My brothers and I recall many awesome family vacations, especially our 3-week trip out west. My parents fondly remember a vacation in Vancouver, Banff, and Lake Louise, which was beautiful and wonderful except for the time that my father abandoned them all when he could no longer endure high tea. My parents loved theatre and my dad particularly enjoyed music. A musical Shabbat would even bring him to shul.

Here’s a little known fact about my dad—- back when he used to enjoy reading, he not only enjoyed Robert Ludlum but he was a closet fan of Danielle Steele. He LOVED his TV shows and watched them like it was his job! My mom was the one who was Jewishly connected; dad was clearly along for the ride. He did serve on the synagogue board and used his accounting skills in service to the community as treasurer of the congregation. His greatest contribution to the Jewish people was running the temple bowling league, and, of course, supporting my mom in all of her endeavors.

My mom’s devotion to her husband has been nothing short of epic. We all recognize that there is no way he would have lived as long and as well without her tender loving care.  On Thursday they took a walk to the park next door and it was so beautiful that mom felt moved to take a photo and email it to me. It was that night that he choked and lost consciousness, never really recovering.

Sandy was the force behind PT and OT and keeping him moving and engaged. Even at the very end of his life, on Sunday afternoon, as he lay dying, she found a warm cloth to wipe his face and some intensive lotion to rub into his feet. When Rabbi Wernick heard of my dad’s death, his comment to my mom was, “Every man should have a wife like you.” Mom- you have set a very high standard. We know it is going to be so hard for you to be alone, and please know that we are here for you. Mom and dad would always call us and sing a full chorus of “Happy Birthday.” She said she doesn’t know if she can continue that tradition, noting that, “I only sing duets.” And when it was his birthday- oh!- you’d better call him. He had a list and he would check off the names of who called. Mom said he would have loved to have kept a list of all the people who have reached out to the family this week to remember him. It would have been quite a long list!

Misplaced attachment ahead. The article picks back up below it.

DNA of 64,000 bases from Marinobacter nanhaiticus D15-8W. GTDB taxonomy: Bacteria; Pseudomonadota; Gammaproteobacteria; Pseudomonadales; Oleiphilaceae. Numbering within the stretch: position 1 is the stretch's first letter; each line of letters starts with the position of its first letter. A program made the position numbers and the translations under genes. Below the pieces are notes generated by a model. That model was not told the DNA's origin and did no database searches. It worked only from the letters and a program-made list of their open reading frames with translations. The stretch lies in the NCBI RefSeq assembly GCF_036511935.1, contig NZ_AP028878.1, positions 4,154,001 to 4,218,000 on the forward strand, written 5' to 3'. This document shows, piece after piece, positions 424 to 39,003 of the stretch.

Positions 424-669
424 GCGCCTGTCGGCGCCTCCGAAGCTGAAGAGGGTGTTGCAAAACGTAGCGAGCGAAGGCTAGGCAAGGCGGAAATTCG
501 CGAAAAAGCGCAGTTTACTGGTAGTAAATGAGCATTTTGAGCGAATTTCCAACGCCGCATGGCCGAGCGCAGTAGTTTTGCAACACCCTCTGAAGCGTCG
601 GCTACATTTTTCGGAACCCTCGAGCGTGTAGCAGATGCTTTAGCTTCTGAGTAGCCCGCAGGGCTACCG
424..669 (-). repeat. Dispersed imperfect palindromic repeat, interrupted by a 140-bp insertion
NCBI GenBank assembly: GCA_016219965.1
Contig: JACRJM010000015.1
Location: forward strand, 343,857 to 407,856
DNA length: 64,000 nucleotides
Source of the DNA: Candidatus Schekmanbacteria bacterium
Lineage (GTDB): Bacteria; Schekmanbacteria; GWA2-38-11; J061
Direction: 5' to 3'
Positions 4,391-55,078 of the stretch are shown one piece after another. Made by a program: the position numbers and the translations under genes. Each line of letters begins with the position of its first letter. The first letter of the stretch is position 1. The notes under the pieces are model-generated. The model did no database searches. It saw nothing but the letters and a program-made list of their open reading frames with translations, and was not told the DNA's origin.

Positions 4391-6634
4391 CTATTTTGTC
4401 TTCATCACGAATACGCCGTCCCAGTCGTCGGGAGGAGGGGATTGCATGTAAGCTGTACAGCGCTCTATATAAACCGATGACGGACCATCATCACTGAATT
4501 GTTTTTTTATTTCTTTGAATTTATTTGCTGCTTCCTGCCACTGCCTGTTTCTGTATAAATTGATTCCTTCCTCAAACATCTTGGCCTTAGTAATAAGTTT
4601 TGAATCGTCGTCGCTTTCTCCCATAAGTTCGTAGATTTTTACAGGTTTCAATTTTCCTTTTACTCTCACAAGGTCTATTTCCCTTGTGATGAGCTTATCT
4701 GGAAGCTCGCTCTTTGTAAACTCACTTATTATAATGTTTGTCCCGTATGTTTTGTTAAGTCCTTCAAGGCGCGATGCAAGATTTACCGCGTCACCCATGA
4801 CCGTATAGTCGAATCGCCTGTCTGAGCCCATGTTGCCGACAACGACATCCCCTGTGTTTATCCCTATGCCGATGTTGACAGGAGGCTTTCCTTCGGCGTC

My dad has been ill for quite some time. Parkinson’s kind of sneaks up on you and it’s hard to know exactly when it began its ugly march- maybe 10 or 15 years. How ironic that when mom and I made our way to the mortuary on Sunday, the entrance to Central Park was closed for a Parkinson’s walk. For many years he has been saying, “I’m ready for heaven,” but we just kept him alive for one more simcha, one more simcha, one more simcha. Heaven, as Steven pointed out- 55.

Leo’s life has been more and more constrained by Parkinson’s. Though we are so sad to lose him, we all take comfort in knowing that just as he has a good life he had a relatively good death. We weren’t quite ready to lose him; his death comes as somewhat of a shock. Yet we are glad to know that he did not suffer. As he lay dying, my mom began to sing to him, in his final moments of life, these words from his beloved Frank Sinatra:

And now, the end is near
And so I face the final curtain
My friend, I’ll say it clear
I’ll state my case, of which I’m certain

I’ve lived a life that’s full
I’ve traveled each and every highway
But more, much more than this
I did it my way

Regrets, I’ve had a few
But then again, too few to mention
I did what I had to do
And saw it through without exemption

I’ve loved, I’ve laughed and cried
I’ve had my fill, my share of losing
And now, as tears subside
I find it all so amusing

To think I did all that
And may I say – not in a shy way
Oh no, oh no, not me
I did it my way

Leo Saul Koppell did it his way, and we are all so blessed by his memory and his legacy. We can best honor his memory by renewing our own devotion to the values that he held dear—- family, first and foremost; loyalty to friends, sincere kindness, and genuine concern for others. Zecher tzaddik livracha- may the memory of the righteous be for blessing.